Chris Murphy – Red Mountain Blues

Inspired by the work of legendary sidemen like David Lindsey, violinist Chris Murphy has piled up a substantial legacy as something his influences didn’t dare dream of during their prime.

He’s a songwriter and bandleader, an artist who has built a substantial, yet understated, legacy as one of the foremost purveyors of Americana and folk working today. His talents are, gratefully, more than merely virtuosic.

Instead, Murphy makes a claim once again as one of the indie scene’s most impressive, fully-rounded talents and an excellent vocalist who conveys his material with loose-limbed confidence. These aren’t shameless parodies of far superior, older material.

Murphy opts for picking up strains from the past and weaving new narratives of gold stitched together from the fabric of modern American life. Other songs on Red Mountain Blues are closer to loving tributes, but even these moments play themselves out with pleasing authenticity.

One can certainly make an argument that Murphy is, first and foremost, an instrumentalist. There’s evidence of that to be found in his decision to open the album with its title song, a perky and evocative ensemble performance without vocals.

Murphy and his stringed instrument collaborators are such superb technicians of the form they effortlessly conjure a panoply of musical voices that make anyone forget the lack of a singer.

Dirt Time has a darkly sardonic edge missing from many of Red Mountain Blues‘ later songs and carries some real grit and gravitas thanks to a sympathetic vocal from Murphy.

He indulges listeners with the cinematic, almost wistful swing of High Country and its swirling violin lines keep its heartbeat fleet and precise. Guitars and banjo open Black Roller before Murphy’s violin sweeps in and carries the composition higher. The harmonies are crucial to the song’s success, but their key element isn’t omnipresent but, instead, how tastefully they are employed.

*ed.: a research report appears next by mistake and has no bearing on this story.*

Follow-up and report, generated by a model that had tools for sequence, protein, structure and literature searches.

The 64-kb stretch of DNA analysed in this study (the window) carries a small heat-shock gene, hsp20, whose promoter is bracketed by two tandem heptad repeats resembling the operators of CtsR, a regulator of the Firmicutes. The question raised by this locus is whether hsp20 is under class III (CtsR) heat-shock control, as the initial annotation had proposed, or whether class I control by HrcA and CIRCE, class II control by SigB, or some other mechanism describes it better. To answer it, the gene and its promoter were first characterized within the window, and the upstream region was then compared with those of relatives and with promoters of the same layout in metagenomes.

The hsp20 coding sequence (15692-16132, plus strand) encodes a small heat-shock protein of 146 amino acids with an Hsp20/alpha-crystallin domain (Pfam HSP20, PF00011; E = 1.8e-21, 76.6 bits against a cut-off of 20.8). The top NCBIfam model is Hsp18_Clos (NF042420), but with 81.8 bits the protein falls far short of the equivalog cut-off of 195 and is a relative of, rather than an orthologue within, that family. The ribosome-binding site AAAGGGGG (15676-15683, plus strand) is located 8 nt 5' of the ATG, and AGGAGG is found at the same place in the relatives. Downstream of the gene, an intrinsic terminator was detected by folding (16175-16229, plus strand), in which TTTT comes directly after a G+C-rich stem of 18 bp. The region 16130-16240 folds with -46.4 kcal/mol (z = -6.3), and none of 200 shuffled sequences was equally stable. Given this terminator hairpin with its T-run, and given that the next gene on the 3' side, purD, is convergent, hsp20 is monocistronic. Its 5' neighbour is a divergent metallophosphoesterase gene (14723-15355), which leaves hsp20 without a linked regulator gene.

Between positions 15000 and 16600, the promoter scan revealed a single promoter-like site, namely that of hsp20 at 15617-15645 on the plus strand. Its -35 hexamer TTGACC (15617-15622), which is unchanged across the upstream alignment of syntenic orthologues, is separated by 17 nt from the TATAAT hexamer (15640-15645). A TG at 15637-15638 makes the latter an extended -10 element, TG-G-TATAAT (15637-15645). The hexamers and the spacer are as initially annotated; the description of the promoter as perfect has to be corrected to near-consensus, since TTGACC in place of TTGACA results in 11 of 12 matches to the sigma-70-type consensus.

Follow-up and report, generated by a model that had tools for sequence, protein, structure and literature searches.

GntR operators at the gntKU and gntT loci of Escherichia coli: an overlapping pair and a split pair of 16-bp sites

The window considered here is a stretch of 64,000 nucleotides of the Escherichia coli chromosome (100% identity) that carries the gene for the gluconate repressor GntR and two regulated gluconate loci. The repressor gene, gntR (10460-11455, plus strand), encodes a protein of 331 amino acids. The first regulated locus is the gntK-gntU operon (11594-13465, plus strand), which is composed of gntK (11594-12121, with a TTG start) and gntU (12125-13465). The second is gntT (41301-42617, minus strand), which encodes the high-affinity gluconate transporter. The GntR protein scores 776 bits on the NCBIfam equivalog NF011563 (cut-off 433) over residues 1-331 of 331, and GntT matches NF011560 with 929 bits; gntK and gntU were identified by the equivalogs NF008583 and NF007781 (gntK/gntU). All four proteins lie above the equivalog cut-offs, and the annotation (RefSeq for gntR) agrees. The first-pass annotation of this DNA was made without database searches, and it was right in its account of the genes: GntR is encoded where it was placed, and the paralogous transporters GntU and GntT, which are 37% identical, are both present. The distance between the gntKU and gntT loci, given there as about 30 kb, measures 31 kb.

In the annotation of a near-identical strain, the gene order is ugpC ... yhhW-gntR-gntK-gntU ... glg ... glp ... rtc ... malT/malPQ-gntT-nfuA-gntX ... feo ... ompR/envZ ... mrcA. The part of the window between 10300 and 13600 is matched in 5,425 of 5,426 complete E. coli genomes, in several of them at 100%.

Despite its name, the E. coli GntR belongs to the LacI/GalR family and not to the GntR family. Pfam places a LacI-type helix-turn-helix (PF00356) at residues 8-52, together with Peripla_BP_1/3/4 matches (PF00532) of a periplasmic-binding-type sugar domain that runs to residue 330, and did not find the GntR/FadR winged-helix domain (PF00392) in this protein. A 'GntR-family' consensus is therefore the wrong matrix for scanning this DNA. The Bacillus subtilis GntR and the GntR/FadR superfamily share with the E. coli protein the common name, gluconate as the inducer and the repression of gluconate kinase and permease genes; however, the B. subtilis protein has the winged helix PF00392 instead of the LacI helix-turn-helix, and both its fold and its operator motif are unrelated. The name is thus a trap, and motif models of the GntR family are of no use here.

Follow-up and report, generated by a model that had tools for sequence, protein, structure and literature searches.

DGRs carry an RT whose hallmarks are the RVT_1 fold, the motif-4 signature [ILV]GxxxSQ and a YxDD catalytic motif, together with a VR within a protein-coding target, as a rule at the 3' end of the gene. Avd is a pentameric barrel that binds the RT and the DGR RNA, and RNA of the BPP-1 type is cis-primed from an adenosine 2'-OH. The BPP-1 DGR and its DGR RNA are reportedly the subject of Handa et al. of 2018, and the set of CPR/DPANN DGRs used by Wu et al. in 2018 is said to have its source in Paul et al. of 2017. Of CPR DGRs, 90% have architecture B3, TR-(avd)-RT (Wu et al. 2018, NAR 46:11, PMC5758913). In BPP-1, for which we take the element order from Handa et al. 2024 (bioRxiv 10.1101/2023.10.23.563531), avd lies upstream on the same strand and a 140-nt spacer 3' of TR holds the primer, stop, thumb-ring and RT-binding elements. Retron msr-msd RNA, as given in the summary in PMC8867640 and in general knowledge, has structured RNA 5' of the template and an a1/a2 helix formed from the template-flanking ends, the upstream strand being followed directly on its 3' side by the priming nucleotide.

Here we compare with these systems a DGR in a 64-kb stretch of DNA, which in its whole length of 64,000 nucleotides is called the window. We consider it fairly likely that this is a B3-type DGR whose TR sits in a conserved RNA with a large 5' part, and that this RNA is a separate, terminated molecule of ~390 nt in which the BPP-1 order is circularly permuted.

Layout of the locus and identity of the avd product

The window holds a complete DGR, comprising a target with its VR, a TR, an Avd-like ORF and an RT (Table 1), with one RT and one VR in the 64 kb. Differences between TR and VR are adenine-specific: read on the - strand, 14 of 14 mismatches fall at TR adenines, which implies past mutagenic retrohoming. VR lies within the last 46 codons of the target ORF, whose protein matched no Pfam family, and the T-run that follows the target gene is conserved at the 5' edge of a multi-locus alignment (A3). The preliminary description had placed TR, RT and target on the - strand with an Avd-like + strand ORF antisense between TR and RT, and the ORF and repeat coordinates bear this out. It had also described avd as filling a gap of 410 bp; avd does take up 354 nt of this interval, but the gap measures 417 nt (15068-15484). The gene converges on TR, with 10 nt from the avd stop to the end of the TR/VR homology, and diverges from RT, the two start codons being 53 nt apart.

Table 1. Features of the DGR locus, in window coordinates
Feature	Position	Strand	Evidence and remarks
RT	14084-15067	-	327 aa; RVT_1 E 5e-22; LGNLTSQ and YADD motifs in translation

The light shuffle of Kitchen Girl sets up a perfect vehicle for one of the album’s strongest narratives. Murphy’s songwriting gains much from its wealth of specific detail, but his voice dramatizes the lyric with extraordinary life palpable to anyone listening.

Dry County zips along like a hot rod outracing a county sheriff on a Friday night. Murphy does an excellent job of wringing ample humor from this, but as elsewhere, even the lighter numbers aren’t throwaways thanks to the instrumental excellence on display.

Dig For One More Day is another deliberate throwback song attempting to invoke authenticity through the use of traditional imagery, but it rises above more than mere imitation thanks to its dramatic arrangement and the emotive vocals from Murphy and others.

Meet Me Tonight has the same playful air powering the earlier Dry County and, while the subject matter is much different, the same enthusiastic approach wins the day again. “

Johnson County rises and falls with an exquisitely restrained beauty searching for the nuance and emotion present in every bar. This is one of the most beautifully classic constructions Murphy offers and the album’s zenith.

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